It would get $1 million despite collecting over $4 million. That's not enough, commissioners say.
Washington County appears to be standing alone in its rebellion over how money collected from a new metrowide transit sales tax will be distributed.
Commissioners voted 3-2 this spring to enact the quarter-cent tax, which is expected to bring $100 million a year metrowide for transit improvements. The three commissioners in favor began to lose faith, however, when they found out Washington County would receive $1 million a year for three years despite producing more than $4 million a year in sales tax revenue.
State Sen. Kathy Saltzman, DFL-Woodbury, said Washington County needs a better return on tax proceeds to show residents that their taxes are being put to work. She said Washington County finds itself in a position of urgency because west metro counties are leading the transit race.
"Their projects are ready to go and our projects are still on the drawing board," she said. "We have not been aggressive enough in the east metro area."
Four other counties that voted to enact the tax -- Hennepin, Ramsey, Dakota and Anoka -- all have projects in place that qualify for transit money, said Dennis Hegberg, chairman of the Washington County Board.
"There's a regional system that's going to develop here very quickly," said Peter McLaughlin, a Hennepin County commissioner who heads the new Counties Transit Improvement Board.
The Transit Board decides how money from the sales tax is apportioned. Votes are weighted according to county population, meaning that Washington County's two representatives, Hegberg and Myra Peterson, have a minority vote.
In a recent letter to fellow Transit Board members, they expressed concern that the board's definition of "transitways" limits money Washington County could receive for improvements. The county, with nearly a quarter-million residents, has little transit but is trying to develop ridership on buses to build a case for commuter trains later.
Washington County currently has a popular express bus route from Forest Lake to Minneapolis and back. That route, which the federal government financed after the collapse of the Interstate 35W bridge in Minneapolis, was meant to decrease automobile traffic. But because the federal money runs out in December, Washington County will spend its share of the transit tax money to keep the bus line going, Hegberg said.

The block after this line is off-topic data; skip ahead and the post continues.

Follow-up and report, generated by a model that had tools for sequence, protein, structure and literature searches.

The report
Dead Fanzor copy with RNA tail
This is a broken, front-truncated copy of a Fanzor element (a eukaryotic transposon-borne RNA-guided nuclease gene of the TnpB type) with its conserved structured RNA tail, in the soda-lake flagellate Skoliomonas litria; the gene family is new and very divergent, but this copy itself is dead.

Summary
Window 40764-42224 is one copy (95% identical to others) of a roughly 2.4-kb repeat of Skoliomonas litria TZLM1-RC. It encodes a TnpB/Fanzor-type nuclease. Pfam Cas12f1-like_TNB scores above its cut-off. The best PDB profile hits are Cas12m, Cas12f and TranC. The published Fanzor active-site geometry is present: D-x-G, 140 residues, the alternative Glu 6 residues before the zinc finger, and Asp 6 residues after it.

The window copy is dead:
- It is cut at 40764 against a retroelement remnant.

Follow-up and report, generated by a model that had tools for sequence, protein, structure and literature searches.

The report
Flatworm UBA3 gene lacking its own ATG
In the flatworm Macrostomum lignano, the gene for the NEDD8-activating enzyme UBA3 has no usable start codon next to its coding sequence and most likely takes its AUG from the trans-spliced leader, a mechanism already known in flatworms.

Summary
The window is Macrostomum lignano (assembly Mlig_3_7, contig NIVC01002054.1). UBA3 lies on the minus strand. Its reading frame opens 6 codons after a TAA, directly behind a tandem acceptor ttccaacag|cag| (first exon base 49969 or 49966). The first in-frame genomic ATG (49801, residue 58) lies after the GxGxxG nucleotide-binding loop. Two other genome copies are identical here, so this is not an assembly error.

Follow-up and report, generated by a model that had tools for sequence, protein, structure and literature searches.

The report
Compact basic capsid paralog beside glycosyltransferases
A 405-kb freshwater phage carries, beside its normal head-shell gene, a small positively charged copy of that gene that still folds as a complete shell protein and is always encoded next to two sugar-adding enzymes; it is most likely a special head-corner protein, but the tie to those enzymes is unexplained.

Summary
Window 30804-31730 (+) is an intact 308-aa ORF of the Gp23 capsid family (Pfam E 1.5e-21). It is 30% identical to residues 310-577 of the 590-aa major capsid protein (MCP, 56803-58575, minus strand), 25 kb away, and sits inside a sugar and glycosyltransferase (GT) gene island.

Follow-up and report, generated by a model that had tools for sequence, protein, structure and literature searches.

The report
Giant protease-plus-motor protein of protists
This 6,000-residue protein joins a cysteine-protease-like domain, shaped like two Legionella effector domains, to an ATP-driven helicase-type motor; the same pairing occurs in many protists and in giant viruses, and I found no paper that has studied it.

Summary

That will leave no money for other projects such as park-and-ride transit centers or his personal preference, an express bus route from Forest Lake to St. Paul along I-35E.
McLaughlin said Washington County's threat to withdraw from the metrowide tax effort is premature because the Transit Board doesn't yet have a long-term financial plan in place. "We just have to make sure we don't let political considerations trump long-term planning," he said.
Committing transit tax money to construction of Central Corridor, the light-rail line that will link Minneapolis and St. Paul on University Avenue, must come first, McLaughlin said. "That's the finger that reaches to the east," he said. "I'd argue that no project is more important to Washington County than to have that Central Corridor completed."
Dan Krom, the transit manager in Dakota County, said that if Washington County should withdraw, less money would be available metrowide for projects.
"It shrinks the pie for everybody," he said.
In a related argument, Washington County commissioners have criticized the Metropolitan Council for leaving the county out of long-range transit planning. Peterson, at a recent County Board meeting, asked for a "strident" response to the council's 2030 plan.
"That's not true," said Peter Bell, the Met Council's chairman. He said the council is moving on transit aggressively and is planning for four transit improvements in Washington County including the I-94 corridor and an express bus route along Hwy. 36.
Kevin Giles • 651-298-1554